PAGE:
Overall it was the best organised race that I've done, which shouldn't surprise me as the same organisers are in charge of the real World Championships. We had full road closures with police escorts, a timing moto, a TV/video moto, a photographer moto and Shimano neutral support, just like in "real" races. I could have done with a few more Aussie-piloted motorbikes to attack behind ;-), but it was a completely and utterly fantastic experience to race that way.
Scene III: The spoils of victory
Unlike most races, we were all instructed to have a shower and get changed before the official presentations. While it would have been a little more spontaneous to have the ceremony right after the race, I quickly understood that this would not be a five minute post-race affair. Suitably freshened up, we all headed out to the large tent set up next to the Veronello sports complex and arranged ourselves in various tables. I sat with the Dutch contingent and indulged in a post-race white wine (ooooohhh dear) and waited for the action.
The prize giving ceremony was fairly long winded, but none of us were in a great hurry so that was OK. Firstly Francesco Moser was awarded as the winner of the Consultants (ex-professionals) category, and he received a trophy and flowers and a few kisses. We moved on through the Women's category, which was twice the size of last year in that it had two finishers. Hats off to Samantha Profumo who had finished with Moser and won her category ahead of Slovenia's Lucia Bosnik. Then the Over 50's category, where our table took first and third with Peter de Groot and Bennie Ceulen, and finally the Under 50's, which included me.
I must say that it was very nice to be on the podium at a World Championship, and we were all endowed with weighty prizes. We each got heavy trophies, a large coffee table book on Lake Garda and flowers. Agostini got the nice green rainbow jersey (green is the colour of the press accreditation at the Tour and many other races) and a digital camera. The president of the AIJC, Jean-Yves Donor, was present as well as representatives of the organisation. Tres bon, even though it was difficult to keep hold of all our prizes on the podium!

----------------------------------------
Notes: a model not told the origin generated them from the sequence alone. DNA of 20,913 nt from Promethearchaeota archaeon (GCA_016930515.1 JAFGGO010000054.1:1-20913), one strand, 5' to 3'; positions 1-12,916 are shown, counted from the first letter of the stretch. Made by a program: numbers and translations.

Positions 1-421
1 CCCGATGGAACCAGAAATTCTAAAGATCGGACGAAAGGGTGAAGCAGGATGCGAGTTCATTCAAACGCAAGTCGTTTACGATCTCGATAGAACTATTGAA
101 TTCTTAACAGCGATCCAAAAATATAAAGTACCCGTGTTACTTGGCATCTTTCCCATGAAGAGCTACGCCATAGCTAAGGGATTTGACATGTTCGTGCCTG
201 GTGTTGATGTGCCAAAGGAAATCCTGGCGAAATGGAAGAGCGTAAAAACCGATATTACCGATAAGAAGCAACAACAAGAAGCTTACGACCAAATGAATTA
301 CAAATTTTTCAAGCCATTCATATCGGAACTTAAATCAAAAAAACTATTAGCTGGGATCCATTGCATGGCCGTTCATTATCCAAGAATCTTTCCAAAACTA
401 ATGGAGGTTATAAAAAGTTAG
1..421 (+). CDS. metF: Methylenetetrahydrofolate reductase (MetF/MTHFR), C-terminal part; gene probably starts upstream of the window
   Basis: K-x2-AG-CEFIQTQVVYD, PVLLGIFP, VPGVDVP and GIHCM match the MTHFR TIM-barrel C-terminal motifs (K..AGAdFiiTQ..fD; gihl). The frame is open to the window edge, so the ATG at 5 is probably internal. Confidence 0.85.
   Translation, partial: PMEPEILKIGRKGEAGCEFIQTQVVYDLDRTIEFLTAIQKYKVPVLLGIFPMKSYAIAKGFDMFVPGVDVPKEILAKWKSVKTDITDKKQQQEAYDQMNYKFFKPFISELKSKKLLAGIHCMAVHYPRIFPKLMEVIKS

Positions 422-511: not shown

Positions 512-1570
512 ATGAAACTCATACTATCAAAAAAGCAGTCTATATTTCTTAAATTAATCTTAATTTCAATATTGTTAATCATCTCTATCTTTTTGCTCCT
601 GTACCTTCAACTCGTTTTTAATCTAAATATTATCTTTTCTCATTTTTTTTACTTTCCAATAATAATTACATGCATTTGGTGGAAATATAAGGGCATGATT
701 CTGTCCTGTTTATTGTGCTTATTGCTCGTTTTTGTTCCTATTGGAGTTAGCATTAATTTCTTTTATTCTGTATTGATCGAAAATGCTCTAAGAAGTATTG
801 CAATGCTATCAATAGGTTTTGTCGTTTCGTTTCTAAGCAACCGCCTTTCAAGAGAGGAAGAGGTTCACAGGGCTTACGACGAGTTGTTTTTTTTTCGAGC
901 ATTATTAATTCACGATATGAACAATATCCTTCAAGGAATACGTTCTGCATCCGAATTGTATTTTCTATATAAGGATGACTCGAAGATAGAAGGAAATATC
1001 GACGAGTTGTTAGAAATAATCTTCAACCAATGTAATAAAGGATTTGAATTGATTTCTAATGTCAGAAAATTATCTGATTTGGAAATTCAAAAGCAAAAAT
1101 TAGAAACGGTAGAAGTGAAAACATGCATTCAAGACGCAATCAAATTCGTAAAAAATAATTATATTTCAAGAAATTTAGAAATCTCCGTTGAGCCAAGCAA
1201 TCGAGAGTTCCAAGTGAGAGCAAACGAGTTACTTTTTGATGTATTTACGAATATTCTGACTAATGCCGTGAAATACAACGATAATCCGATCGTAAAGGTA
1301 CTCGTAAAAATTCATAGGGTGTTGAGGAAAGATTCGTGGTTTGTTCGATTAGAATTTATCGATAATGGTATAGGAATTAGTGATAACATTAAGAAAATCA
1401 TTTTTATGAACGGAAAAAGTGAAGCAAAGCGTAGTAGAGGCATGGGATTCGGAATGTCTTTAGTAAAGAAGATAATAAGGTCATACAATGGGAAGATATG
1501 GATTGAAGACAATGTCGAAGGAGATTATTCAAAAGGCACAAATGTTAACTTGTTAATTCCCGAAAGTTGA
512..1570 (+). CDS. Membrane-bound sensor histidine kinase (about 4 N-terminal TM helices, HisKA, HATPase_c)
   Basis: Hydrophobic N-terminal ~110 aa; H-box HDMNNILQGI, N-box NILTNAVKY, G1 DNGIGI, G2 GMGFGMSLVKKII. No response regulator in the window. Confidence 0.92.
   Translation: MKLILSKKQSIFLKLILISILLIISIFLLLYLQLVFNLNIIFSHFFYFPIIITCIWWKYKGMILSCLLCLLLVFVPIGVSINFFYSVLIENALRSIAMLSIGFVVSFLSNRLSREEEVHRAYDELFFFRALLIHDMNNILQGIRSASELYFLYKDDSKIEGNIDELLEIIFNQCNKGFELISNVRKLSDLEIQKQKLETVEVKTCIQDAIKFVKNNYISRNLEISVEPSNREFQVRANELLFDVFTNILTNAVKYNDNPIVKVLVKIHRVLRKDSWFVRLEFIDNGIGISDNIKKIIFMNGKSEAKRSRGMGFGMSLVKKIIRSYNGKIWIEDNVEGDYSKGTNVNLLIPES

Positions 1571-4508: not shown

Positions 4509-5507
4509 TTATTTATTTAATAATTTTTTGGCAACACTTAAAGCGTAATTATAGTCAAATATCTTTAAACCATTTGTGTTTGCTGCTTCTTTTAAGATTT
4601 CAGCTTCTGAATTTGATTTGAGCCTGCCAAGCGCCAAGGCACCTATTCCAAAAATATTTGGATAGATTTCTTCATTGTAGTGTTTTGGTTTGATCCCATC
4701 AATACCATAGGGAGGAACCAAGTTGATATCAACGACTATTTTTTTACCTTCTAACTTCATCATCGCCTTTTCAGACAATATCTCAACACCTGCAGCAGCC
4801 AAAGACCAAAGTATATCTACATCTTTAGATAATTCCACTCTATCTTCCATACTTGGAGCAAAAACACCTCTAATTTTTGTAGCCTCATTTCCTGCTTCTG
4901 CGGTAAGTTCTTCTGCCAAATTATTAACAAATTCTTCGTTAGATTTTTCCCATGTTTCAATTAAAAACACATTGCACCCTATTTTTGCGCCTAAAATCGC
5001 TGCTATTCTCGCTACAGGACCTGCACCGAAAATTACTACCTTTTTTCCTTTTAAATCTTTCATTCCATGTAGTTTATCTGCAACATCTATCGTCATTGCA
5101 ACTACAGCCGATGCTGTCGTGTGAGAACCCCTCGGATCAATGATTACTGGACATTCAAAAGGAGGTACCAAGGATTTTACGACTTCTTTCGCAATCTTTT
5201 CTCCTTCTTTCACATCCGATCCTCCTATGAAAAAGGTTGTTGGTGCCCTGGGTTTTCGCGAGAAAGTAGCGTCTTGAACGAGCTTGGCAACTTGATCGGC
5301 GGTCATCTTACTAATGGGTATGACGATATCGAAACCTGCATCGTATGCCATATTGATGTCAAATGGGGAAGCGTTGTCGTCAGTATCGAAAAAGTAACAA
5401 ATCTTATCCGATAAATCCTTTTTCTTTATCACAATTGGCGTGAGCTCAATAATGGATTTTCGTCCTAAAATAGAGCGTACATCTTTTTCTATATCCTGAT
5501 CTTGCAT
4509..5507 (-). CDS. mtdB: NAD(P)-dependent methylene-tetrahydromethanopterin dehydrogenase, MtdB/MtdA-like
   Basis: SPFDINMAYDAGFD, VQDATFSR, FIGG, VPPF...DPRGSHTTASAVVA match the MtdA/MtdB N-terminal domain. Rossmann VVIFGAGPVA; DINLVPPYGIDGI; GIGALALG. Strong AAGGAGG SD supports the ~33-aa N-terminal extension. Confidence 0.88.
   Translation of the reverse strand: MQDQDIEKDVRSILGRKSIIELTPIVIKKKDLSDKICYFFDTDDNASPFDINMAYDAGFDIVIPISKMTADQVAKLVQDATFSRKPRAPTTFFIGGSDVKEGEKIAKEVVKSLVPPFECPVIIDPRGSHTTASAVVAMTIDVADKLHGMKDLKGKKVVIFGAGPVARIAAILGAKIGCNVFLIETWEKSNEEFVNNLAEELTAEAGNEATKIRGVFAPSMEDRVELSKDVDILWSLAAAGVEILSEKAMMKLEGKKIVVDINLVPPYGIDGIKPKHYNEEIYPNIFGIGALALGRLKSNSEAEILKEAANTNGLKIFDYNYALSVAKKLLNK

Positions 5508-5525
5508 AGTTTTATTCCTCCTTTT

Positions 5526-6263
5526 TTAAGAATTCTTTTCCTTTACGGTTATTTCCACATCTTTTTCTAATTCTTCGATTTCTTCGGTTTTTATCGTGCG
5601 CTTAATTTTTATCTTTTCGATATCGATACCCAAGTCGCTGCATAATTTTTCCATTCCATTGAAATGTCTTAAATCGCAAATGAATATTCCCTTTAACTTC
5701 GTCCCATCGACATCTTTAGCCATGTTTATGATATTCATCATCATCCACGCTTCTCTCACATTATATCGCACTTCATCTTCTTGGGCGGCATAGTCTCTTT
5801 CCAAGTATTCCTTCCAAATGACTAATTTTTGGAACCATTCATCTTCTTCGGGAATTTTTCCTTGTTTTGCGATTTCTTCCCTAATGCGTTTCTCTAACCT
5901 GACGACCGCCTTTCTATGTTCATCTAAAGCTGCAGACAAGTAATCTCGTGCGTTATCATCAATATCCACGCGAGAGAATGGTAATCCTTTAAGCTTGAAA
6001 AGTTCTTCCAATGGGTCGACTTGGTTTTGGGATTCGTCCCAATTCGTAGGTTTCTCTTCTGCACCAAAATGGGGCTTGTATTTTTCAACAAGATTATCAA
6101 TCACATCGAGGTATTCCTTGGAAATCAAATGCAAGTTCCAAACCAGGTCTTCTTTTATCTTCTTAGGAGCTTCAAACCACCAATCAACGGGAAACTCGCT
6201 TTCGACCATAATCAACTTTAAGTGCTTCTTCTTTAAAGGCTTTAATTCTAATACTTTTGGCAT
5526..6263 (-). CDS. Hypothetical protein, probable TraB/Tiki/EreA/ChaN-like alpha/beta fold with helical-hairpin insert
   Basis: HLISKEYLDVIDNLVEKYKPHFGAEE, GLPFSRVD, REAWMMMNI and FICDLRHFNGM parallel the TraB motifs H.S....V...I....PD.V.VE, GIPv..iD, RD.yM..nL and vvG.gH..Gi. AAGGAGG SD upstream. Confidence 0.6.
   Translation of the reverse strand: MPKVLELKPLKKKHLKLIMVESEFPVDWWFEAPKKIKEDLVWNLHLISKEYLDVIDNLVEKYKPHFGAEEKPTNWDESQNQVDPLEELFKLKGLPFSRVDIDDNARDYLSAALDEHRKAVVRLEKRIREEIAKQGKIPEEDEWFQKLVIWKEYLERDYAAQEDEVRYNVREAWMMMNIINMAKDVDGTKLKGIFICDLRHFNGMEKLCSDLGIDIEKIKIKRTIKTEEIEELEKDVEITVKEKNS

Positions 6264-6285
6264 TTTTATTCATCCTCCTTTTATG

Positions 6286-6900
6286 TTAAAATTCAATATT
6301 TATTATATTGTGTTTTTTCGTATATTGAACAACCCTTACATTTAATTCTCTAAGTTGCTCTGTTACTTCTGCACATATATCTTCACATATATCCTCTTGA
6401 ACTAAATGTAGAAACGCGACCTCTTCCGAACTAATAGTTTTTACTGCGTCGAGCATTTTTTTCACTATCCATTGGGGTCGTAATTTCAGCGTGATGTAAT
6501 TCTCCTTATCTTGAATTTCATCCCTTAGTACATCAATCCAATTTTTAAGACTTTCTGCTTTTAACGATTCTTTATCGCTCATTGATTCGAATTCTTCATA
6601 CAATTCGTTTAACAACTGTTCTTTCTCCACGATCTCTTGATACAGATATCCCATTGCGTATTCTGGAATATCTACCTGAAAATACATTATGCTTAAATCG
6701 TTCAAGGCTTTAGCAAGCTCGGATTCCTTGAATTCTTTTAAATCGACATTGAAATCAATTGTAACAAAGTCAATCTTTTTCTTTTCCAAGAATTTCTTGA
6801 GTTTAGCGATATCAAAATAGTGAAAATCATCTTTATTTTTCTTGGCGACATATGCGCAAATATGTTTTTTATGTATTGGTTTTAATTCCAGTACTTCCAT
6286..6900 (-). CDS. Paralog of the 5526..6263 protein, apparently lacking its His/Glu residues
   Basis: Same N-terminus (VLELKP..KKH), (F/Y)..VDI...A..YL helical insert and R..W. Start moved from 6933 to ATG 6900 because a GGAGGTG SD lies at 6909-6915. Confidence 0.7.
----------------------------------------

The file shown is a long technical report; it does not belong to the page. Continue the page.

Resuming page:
The buffet got into full swing after that and there was more prize giving. Everyone's name was put into a large metal hat carried around by two...rather odd looking chaps, and we all took turns in drawing the numbers out, which meant that everyone got a prize. I ended up with an Italian watch which will go nicely with my Credit Lyonnais watch, but some of The Others weren't so lucky. Somehow our table "won" two enormous chunks of parmigiano cheese, and even the Dutch were looking somewhat dubious about taking them home. We asked some of the Italians how much they were worth and were informed in the region of € 100-150! Anyone want to exchange for a jersey?
Epilogue: The journey home
After another night of 4 hours sleep I began the long trip home, which occupied all of Monday. No sleeping compartments this time (I could have done with one) and my stores of echinacea placebos were running low. 16 hours from Bussolengo to Gent - via Switzerland, which was nice. Next time, I'll make sure I get a flight.
[Tuesday, Gent time: Belgian doctor to Jeff: "Boy, you're sick. That'll be 18 euros."]